Inside Ronnie Wood’s cottage studio

Approaching the electric gates to Ronnie Wood’s art studio in a Hertfordshire village, I’m convinced I’ve got the wrong address. In a location so quiet you could hear a guitar-pick drop stands an exquisite stone cottage. It’s pure Beatrix Potter – and it promises a glimpse into a very different Wood to the hellraiser everyone thinks they know.

We’ve never met, but Wood bounds out and hugs me like an old friend before offering to make me tea and honey. Yes, you heard right. I resist the urge to ask if he could throw in some brown sugar.

Wood is dressed in a rock icon combo of black shirt and ultra-skinny jeans and, at 71, is full of boyish energy, his jet-black barnet still fully intact. Many years clean and sober, he has the lust for life of a man who knows he’s dodged some bullets, including a cancer scare in 2017.

Works in progress: the studio with its wrought-iron balcony.

Works in progress: the studio with its wrought-iron balcony. Photograph: Phil Fisk/The Observer

For the past three years, Wood has been lovingly restoring this once derelict 19th-century worker’s cottage into an artist’s studio. The purple front door opens straight into a cosy hall-cum-lounge that doubles as a mini shrine to his art influences. Frida Kahlo cushions fill a small sofa and a bookcase displays tomes on Rembrandt, Goya and Picasso.

The house is surprisingly small, with the hall and dining room all that’s left of the original interior. “The house was falling apart, so I had to gut it and knock the back down,” Wood explains. “The most stressful part was getting planning permission for the big extension at the rear to build on my art studio. I was told I must have special wind-proofing iron girders because of the wind round here. But the wind isn’t different to anywhere else! It took a lot of extra time and money. Yeah, I did get pissed off.”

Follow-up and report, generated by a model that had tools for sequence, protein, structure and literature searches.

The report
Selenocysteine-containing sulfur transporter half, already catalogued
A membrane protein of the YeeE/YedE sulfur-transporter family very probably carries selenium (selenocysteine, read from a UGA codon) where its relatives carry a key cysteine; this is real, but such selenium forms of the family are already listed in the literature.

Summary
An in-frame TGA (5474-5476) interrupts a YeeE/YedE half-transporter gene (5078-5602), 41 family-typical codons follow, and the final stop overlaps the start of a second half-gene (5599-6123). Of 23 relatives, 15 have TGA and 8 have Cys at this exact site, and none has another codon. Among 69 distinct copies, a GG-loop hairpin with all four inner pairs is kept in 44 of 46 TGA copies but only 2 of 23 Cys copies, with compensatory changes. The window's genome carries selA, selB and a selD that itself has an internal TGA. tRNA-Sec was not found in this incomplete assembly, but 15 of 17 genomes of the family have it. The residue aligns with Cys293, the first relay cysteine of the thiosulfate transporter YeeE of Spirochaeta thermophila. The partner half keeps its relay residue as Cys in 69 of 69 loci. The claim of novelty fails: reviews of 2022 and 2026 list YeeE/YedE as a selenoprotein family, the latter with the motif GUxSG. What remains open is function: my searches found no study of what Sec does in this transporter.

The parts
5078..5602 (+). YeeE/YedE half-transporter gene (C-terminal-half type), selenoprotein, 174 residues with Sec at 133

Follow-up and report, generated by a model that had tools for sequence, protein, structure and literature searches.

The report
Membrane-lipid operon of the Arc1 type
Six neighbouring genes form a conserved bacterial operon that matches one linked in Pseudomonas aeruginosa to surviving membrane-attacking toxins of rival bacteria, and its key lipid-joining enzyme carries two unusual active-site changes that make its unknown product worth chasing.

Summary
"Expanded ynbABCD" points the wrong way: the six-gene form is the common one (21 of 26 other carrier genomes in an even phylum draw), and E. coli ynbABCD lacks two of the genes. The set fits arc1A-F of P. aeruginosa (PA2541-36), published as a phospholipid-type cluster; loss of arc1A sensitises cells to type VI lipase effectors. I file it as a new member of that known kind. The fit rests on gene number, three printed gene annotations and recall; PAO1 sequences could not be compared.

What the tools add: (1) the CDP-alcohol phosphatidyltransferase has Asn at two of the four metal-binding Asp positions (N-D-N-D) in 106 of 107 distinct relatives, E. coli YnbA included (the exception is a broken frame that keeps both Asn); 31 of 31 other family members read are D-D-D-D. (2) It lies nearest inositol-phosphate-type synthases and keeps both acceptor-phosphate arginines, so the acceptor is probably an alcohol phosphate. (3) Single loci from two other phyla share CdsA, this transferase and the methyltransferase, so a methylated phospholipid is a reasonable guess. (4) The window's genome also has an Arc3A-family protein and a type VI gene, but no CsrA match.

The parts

It was never part of his plan to have a purpose-built studio. This project came with sobriety and the contentment of moving into a country mansion just up the road four years ago with his third wife, Sally, and their two-year-old twins, Gracie and Alice. When he found out the cottage was up for sale, he got inspired, and now Wood uses it to paint, and all four of them occasionally come and stay.

Ronnie Wood’s studio - some of the portraits Ronnie’s currently working on including -on far right - his Picasso - inspired homage to his bandmates. Its Ronnie’s take on Picasso’s The Dance - Ronnie is depicted peering from the side and Keith Richards is dominant figure in painting

In the groove: one of Ronnie Wood’s paintings. Photograph: Phil Fisk/The Observer

“The studio evolved with the clarity I gained from sobering up over the last few years,” Wood explains. “When I bought it I didn’t have a vision of how it would turn out, but as I started work I got a little bit more clarity every day. I just left it to a higher power and thought I’d see where it took me. If I hadn’t got clean, none of this would have happened. In the past it was much easier to get high than to do something constructive. I really think my art has helped save my life.”